China donates first stem cells to Malaysia
A Chinese man has donated hemopoietic stem cells (HSCs) to a patient with blood disease in Malaysia, a media report said on Thursday.
Beijing: A Chinese man has donated hemopoietic stem cells (HSCs) to a patient with blood disease in Malaysia, a media report said on Thursday.
Lu, 22, from Guangxi Zhuang autonomous region had signed up to be a stem cell donor with the China Marrow Donor Programme (CMDP) in July 2011, Xinhua news agency reported.
On May 19, the CMDP informed Lu that his human leukocyte antigen (HLA) type matched a Malaysian patient.
"I was surprised at the time but decided to do it," Lu said.
The success rate of stem cells matches is extremely low -- somewhere between 0.25 percent and 0.01 percent.
"I've done some research and know stem cell donation is almost harmless to the donor," he said.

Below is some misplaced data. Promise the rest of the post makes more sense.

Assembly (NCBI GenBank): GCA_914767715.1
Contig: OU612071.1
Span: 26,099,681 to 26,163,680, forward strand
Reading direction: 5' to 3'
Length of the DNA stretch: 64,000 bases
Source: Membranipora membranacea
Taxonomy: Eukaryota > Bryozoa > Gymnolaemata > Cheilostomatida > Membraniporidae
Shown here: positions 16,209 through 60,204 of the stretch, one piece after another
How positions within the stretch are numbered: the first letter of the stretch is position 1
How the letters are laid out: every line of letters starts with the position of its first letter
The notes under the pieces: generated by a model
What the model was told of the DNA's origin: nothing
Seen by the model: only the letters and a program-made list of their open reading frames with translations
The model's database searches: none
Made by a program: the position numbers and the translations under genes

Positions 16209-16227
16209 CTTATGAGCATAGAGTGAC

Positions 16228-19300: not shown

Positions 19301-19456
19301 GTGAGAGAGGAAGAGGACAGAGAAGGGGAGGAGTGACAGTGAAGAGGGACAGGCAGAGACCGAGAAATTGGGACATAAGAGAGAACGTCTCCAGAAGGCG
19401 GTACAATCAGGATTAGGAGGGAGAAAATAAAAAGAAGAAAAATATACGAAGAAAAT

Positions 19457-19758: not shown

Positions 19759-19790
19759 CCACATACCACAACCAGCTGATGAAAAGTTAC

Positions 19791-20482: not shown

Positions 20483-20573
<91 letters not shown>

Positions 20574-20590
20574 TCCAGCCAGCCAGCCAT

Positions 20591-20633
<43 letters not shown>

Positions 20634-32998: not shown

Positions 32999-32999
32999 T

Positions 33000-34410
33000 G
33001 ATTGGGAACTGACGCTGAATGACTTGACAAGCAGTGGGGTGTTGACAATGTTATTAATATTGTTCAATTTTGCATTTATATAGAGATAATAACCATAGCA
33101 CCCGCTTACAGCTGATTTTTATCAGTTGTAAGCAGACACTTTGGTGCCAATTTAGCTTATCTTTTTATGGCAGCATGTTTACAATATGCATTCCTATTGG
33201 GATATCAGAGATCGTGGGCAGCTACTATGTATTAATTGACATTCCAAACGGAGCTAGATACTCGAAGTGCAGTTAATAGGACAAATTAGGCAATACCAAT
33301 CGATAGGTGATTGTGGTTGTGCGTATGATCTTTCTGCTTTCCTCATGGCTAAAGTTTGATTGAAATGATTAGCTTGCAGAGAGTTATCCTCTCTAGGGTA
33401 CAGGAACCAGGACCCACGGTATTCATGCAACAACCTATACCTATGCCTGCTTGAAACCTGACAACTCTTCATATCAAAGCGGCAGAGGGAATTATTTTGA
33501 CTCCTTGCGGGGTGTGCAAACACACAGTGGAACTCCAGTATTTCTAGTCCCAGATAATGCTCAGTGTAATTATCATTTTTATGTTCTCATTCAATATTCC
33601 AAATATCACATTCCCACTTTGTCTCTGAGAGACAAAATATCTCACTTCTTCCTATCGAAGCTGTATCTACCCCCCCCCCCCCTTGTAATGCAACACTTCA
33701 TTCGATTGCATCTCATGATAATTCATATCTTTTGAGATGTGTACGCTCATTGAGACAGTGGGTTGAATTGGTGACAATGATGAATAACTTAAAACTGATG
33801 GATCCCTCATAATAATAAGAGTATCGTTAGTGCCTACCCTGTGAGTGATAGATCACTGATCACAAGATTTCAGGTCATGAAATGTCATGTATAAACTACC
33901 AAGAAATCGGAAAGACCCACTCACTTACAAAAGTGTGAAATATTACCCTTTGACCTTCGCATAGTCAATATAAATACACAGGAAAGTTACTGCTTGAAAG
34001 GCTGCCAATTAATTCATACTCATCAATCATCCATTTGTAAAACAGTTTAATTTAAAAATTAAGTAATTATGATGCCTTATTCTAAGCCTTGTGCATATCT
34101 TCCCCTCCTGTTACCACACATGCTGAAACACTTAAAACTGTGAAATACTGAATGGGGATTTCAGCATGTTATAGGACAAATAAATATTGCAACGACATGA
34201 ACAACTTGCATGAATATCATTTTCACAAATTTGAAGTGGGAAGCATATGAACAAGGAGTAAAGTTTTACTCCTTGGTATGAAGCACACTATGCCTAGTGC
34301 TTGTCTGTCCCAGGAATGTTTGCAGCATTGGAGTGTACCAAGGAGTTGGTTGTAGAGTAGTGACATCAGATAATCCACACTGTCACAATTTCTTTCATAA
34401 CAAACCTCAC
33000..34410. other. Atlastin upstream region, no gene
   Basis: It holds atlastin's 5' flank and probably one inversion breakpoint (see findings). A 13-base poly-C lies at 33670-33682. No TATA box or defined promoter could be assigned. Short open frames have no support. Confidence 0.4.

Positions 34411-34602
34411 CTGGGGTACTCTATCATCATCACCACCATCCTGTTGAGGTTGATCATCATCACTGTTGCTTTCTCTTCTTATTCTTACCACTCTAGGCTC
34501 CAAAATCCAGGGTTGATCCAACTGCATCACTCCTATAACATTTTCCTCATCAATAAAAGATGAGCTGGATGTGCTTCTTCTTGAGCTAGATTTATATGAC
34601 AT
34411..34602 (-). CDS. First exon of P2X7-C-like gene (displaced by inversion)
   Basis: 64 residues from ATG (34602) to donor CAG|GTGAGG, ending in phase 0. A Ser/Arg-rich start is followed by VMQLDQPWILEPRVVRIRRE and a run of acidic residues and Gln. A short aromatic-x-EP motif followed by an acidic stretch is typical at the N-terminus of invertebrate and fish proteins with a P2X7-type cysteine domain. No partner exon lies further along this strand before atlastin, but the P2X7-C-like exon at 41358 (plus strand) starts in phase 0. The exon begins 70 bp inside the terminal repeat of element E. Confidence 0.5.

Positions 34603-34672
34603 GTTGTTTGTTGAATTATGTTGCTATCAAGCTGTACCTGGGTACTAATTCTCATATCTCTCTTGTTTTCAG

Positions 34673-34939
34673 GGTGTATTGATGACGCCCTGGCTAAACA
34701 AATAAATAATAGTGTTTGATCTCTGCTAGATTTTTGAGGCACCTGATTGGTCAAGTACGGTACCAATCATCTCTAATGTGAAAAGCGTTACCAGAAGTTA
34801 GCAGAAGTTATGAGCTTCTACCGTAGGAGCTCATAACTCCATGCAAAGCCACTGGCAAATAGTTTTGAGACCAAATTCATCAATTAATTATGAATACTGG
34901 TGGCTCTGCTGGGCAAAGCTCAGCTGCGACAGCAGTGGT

"Saving a life is more important than anything else."
A week before the donation, Lu arrived in Guangzhou, to receive daily injections of bone marrow mobiliser, stimulating the release of stem cells into the blood. He was then hooked up to an apheresis machine that filters blood and collects stem cells. A total of 420 millilitres of stem cell suspension were flown to Malaysia and injected into the patient on Tuesday.
There are over two million potential donors registered with the CMDP, putting China in fourth place worldwide, after the US, Germany and Brazil.
In 2006, a volunteer from Shanghai became China's first stem cell donor and China has performed HSC transplants to over 5,000 patients at home and more than 200 overseas since. Malaysia is the 21st country to have received donations from the CMDP, which has uploaded HLA phenotype information on more than 820,000 volunteer donors to Bone Marrow Donors Worldwide.
Established in 1992, the CMDP has 31 provincial-level branches, 30 HLA typing labs, six HLA high-resolution confirmatory typing laboratories and one quality control lab. It works with more than 100 hospitals in China.